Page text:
safe image



(di Simone Perotti)

Narrow-mindedness and double identity are the two main topics running through contemporary modern Greek literature, in particular in most recent times”.

Maurizio De Rosa looks like an intellectual of the old days, cultured and learned as well as sensitive and perspicacious, actual witness of contemporary Greece.


He brings Pessoa and Vittorini to my mind while I’m listening to him sitting in the cockpit of Mediterranea, a boat that sailed to Athens to host thought.

“Greece developed more like Israel than Italy”, De Rosa said, “because Greek culture, language and society were widespread over the former Eastern Roman Empire, from Constantinople to Alexandria, from the ancient culture of the Cycladic world to Asia Minor, to Magna Graecia, throughout the Mediterranean. Then, all of a sudden, Greek culture was relegated to a cramped region which is today’s Greece. This might be a reason for the recurring element in Greek literature of a room, a well, a dam, a wall, any kind of closure. Just think of “the Walls” by Kavafis. Greek often suffocates”.

Double identity is also recurring in Greek literature. A double nature between the Eastern and the Western world, for example. Janissaries were the Ottoman Sultan’s troops and bodyguards, yet they were converted Greeks, who often had to fight against their uprising fellow countrymen. A Greek paintress from Hydra, in the time of Laskarina Bouboulina, cross-dressed to enter the Art Academy in Rome. She was Greek but of Albanian origins, thus a woman who pretended to be a man and an Albanian who lived as a Greek. And think of Markaris: he was born Turkish, is Greek for language, and German-speaking for his studies.”

While listening to Maurizio De Rosa I think of collaborationists under the Regime of the Colonels, who were Greeks against Greeks. De Rosa is highly evocative, he roams freely, typically Italian and even more Greek now. Is this free roaming of thought a typical feature of the Mediterranean we are searching for?

And what about the sea? “The sea is always there, in the background, in the shape of ships and captains over the blue reaches of our planet. Here everyone has had a relative shipping. Just think of “Le Catene del Mare” by Ioanna Karistiani. The sea exists, though there is a branch of Greek culture (in the North, between Thrace and Macedonia) that does not look at the sea, rather it has always followed a metaphysical and existential line of thought, from Angelopoulos to Kavafis. There the city, the man in his inner being, the inland prevail.”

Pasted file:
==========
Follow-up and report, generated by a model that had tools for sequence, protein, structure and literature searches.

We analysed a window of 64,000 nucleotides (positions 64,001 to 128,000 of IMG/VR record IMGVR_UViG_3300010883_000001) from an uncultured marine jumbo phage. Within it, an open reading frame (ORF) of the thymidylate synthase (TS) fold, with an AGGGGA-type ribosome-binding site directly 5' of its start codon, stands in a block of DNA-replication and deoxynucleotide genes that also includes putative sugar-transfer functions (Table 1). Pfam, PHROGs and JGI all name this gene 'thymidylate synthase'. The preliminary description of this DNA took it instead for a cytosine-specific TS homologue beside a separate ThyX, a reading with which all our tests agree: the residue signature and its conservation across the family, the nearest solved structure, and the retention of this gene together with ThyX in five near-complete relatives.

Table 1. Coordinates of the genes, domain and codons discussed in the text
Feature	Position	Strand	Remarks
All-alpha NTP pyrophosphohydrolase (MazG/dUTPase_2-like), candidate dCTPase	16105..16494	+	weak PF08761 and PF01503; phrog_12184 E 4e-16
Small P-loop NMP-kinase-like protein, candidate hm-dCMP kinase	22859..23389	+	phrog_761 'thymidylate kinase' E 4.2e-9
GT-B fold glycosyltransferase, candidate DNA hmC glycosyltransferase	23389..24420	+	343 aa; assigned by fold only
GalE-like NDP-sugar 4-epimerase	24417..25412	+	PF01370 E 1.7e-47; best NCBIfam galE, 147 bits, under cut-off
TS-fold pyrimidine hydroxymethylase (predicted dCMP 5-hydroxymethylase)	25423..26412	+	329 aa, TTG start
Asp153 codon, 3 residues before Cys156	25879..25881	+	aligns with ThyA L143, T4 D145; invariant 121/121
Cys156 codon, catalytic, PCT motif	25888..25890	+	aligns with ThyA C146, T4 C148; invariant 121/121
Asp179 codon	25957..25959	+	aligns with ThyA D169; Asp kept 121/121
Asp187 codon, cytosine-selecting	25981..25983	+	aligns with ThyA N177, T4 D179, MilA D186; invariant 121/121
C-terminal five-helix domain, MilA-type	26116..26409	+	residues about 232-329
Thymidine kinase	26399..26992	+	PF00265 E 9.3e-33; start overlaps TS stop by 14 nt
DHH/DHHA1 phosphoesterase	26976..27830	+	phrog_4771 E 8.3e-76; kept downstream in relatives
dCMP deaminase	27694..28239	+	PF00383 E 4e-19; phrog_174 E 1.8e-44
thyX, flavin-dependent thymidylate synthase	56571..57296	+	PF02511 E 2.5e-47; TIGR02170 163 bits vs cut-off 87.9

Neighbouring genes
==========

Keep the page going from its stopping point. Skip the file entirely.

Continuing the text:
De Rosa loves talking, the sun grazed his face, in Zea Marina the heat of the day gave way to the evening.

“Greek intellectuals have always had to make political choices, starting from the primordial decision on the language to be used. In Greece two languages developed in parallel, a cultured one and a vulgar one. The dilemma was sorted out quite late, with a language that is a hybrid between the two, today’s modern Greek. Earlier, conservatism and progressivism developed in parallel on the language field even before than on contents. Then the Metaxa dictatorship, followed by the Regime of the Colonels, up to 1974 drove Greek writers to choose among segregation, exile, participation, orthodoxy. Later, calm and stillness prevailed, in some sort of necessary and inevitable detoxification from weightiness and commitment in political issues. In the last decades, though an existential vein has always characterized Greek literature, writers distanced themselves from public commitment, which was no longer pressing in a democratic era, that tried to leave behind bad memories of dictatorship, collaborationism, lack of freedom. Today’s “crisis” requires a new participation at social level, and Greek intellectuals were as if caught by surprise, they were unprepared.”

De Rosa and I talked about politics, young people, street rising. “I perceived a strong will to go down the streets and see what happened, a light form of actual participation. I am not denying strong motivation, but they belonged to a minority. For the majority it was more curiosity and a superficial motivation.”

We greeted with pleasure. A Socratic dialogue, with no schedule, no timing, no targets. This is probably the reason why we were sincerely grateful to each other.